That’s what used to be called “governing.”

Hope Springs Eternal at the Climate Leadership Council

The Carbon Leadership Council, everyone’s favorite group of former grand poohbahs, is still working at building support for its “carbon dividends” plan.  Hope springs eternal.  And I don’t mean to make light of the CLC’s efforts.  We can use all the hope we can get.

The CLC has not make any huge changes to the plan, but they have tweaked it a bit and run numbers again.  Based on a fee starting at $40/ton and increasing each year by 5% above inflation, CLC asserts that U.S. GHG emissions would be 50% below 2005 levels by 2035.

The CLC has also clarified that it is only proposing to eliminate other stationary source GHG regulations.  It is not proposing to eliminate mobile source regulations and is not trying to provide any kind of liability protection against 3rd party claims.  This is interesting in that it kind of suggests that the CLC is more worried about opposition from the left than from the right.  Of course, another reason could be that, in order to get conservative support, they have to let the conservatives win something.  Thus, perhaps, the CLC is waiting for conservatives to say that they will support the carbon dividend program, but only if the regulatory and liability relief is expanded.

In any case, more power to the CLC.  As I’ve said in the past, my advice to my green friends is to leap at this deal.  Take it in a heartbeat and be glad about it.  My advice to those opposed to addressing climate change?  Get on the right side of history.

Hope springs eternal.

Particulate Matter Is More Dangerous Than We Thought: What Will EPA Do With the NAAQS?

EPA’s Office of Air Quality Planning and Standards has released a draft of its reassessment of the adequacy of the current national ambient air quality standard for particulate matter.  Here’s the primary takeaway concerning PM2.5:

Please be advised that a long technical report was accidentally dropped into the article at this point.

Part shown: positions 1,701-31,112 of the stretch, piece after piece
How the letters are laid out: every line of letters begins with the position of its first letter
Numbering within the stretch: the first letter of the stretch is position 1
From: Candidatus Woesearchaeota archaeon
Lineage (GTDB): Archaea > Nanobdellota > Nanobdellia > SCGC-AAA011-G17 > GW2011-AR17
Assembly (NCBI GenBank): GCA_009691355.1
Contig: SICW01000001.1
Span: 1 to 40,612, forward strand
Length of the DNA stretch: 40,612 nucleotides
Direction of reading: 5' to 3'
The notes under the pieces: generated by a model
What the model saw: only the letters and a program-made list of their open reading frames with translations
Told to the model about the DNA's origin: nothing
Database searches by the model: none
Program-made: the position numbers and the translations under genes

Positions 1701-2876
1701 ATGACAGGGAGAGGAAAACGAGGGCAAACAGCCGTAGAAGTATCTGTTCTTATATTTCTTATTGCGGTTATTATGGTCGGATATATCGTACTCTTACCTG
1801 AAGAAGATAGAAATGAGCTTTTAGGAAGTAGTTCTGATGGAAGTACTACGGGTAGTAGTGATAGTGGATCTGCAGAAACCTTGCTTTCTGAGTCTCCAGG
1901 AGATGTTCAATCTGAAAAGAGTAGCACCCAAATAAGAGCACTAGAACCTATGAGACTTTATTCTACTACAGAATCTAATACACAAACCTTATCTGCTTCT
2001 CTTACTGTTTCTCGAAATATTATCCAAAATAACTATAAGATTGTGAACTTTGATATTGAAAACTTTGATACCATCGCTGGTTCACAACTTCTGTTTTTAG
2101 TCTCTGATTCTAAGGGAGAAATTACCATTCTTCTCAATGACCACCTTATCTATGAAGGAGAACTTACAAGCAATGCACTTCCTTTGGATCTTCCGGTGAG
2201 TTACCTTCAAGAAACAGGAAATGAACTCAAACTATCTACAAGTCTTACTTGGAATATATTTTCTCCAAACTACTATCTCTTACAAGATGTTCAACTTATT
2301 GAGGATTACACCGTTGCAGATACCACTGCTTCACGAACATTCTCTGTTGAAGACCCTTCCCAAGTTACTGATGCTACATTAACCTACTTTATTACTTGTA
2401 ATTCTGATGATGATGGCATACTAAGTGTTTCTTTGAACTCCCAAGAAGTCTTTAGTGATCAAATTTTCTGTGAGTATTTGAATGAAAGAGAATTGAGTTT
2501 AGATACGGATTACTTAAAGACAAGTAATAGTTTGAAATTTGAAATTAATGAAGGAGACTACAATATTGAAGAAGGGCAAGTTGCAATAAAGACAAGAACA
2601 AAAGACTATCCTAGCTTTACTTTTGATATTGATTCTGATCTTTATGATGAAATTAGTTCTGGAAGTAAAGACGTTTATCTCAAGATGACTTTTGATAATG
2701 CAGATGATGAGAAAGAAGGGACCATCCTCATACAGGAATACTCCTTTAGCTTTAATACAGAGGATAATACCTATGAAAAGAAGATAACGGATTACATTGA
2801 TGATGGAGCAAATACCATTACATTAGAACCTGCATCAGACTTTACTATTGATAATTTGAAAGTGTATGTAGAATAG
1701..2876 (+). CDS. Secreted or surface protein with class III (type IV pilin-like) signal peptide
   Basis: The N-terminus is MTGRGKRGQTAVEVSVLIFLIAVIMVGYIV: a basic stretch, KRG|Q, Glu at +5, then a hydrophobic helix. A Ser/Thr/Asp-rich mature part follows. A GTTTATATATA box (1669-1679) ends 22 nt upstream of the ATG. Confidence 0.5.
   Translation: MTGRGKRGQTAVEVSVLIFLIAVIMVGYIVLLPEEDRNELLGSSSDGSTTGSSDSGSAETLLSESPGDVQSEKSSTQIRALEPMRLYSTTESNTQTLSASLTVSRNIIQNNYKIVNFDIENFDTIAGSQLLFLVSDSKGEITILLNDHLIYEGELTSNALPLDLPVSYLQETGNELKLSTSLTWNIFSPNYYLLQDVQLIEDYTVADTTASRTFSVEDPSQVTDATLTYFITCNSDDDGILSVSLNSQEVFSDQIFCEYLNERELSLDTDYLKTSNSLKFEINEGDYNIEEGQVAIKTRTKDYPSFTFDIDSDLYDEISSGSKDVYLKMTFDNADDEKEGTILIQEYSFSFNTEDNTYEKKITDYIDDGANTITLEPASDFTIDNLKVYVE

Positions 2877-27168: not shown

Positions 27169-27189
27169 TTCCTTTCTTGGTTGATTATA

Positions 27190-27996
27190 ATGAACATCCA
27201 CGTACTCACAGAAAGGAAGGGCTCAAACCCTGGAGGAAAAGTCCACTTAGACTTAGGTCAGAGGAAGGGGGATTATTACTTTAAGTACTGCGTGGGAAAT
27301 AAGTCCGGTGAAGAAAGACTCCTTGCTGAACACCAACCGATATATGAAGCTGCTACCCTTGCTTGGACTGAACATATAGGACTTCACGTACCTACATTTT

The risk assessment estimates that the current primary PM2.5 standards could allow a substantial number of PM2.5-associated deaths in the U.S.

When taken together, we reach the preliminary conclusion that the available scientific evidence, air quality analyses, and the risk assessment, as summarized above, can reasonably be viewed as calling into question the adequacy of the public health protection afforded by the combination of the current annual and 24-hour primary PM2.5 standards.

I just noted this Administration’s tendency to ignore scientific evidence of negative externalities.  It will be interesting to see what EPA does when its own scientists are the source of the analysis.  It’s pretty clear that environmental and public health NGOs will argue for a standard no higher than 8.0 micrograms/cubic meter.  The analysis may give EPA sufficient wiggle room to propose a standard as high as 10 ug/m3.  The real question will be whether EPA somehow tries to figure out a way to keep the current standard.

I’ll go out on a limb and make a few early predictions:

  1. EPA will propose a standard of 10.0 ug/m3
  2. If EPA proposes to keep the current standard, it will lose in court.
  3. If EPA does propose a standard of 10.0 ug/m3, it will face challenges from both industry and environmental groups.  The industry challenges will definitely lose.  The environmental group challenges will be a close call.

You heard it here first.